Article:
Fall is one of the most beautiful seasons to be outdoors. However, a few driving hazards come with it. Deer collisions are one of them.
The mating and hunting season from October to December make the deer go on the move, which makes it likelier to hit one while driving.
The National Insurance Crime Bureau says that these are the top animal-related claim in the country. Don’t be too worried, though. We have some tips that can help you avoid this accident… and what to do in case you do.
Tips on how to not hit a deer
- Being knowledgeable on where they likely pass through can help you. There are bright yellow marks in areas with a high deer population. While going to your destination, be attentive to the surroundings. If you saw a deer in a certain area in the past, it’s likely for them to pass through there again.
- Be cautious during sunrise and sunset, as these are the deer’s more active hours.
- Utilize your high beams properly. Get better visualization of the road. Added lights will make it easier to spot animals on the road.
- Deer gadgets are nice, but not 100% reliable. Deer fence or whistles are used to scare them away, but don’t rely on them solely. There is no exact science as to they really work.
- If you spot a deer, don’t swerve. It sounds horrid, but hitting the deer may cause less damage than swerving in an attempt to avoid it. You might hit another car in the oncoming traffic.
- Keep a seatbelt on. This protects yourself if you do hit a deer.
- Tell your friends and family about this information. Ask them to be extra careful and attentive. A simple reminder can go a long way.
What to do if you do hit a deer
Sometimes no matter how many precautions we take, you still end up hitting the animal. If that happens, here are things you can do about it.
- Pullover. Make sure the vehicle is in a safe spot. Turn your hazard lights on.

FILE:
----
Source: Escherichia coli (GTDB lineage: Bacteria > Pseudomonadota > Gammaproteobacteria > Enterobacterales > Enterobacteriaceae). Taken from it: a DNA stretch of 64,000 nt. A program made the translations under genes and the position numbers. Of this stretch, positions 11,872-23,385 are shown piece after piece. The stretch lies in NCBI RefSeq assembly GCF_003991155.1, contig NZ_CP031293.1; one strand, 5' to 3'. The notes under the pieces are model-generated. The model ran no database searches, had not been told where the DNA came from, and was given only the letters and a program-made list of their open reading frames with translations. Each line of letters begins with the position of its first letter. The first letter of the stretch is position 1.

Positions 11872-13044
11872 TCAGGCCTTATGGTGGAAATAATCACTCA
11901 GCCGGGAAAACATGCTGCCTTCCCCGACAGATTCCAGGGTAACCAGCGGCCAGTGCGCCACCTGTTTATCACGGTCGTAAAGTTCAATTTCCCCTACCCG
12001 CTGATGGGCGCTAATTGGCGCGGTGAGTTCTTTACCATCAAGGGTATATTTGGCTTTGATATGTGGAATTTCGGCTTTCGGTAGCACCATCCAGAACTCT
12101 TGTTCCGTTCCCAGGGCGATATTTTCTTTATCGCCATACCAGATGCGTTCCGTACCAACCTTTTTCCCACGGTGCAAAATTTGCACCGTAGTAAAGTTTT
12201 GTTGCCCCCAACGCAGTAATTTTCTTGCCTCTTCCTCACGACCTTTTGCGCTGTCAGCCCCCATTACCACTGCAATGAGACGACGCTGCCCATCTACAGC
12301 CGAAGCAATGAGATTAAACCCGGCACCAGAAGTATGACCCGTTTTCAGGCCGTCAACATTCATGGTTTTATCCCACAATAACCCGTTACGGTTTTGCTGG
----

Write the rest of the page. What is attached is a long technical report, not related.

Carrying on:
- Don’t go too close to the animal. Even if injured, it may be provoked and hurt you.
- Check the damage. Once you’re out of harm’s way, see if the vehicle is damaged. Take photographs of the damage. Use your better judgment to decide if the car can still operate, if it’s better for someone to pick you up, or if you need a tow service.
- Call for help. Calling animal control or the police may help, depending on the circumstances. A police report is not always mandatory but it can help with evidence, should you need it for insurance. If the deer is still in the way, professional animal control staff, a local fish and wildlife service, or the game commission can move it away to keep everyone safe.
- Check if an insurance claim is needed. Consult an insurance professional to decide which step is best to take, according to your auto insurance policy. Talking to an expert will make the process easier and faster for you.
Does your car insurance cover deer collisions?
You never know when a deer is going to suddenly cross your path – even if you are cautious.
If it does, you can check with your insurance company if the claim is covered in your insurance policy to minimize your losses.
Always talk to an expert for the best advice possible. Usually, it’s covered under your comprehensive coverage.
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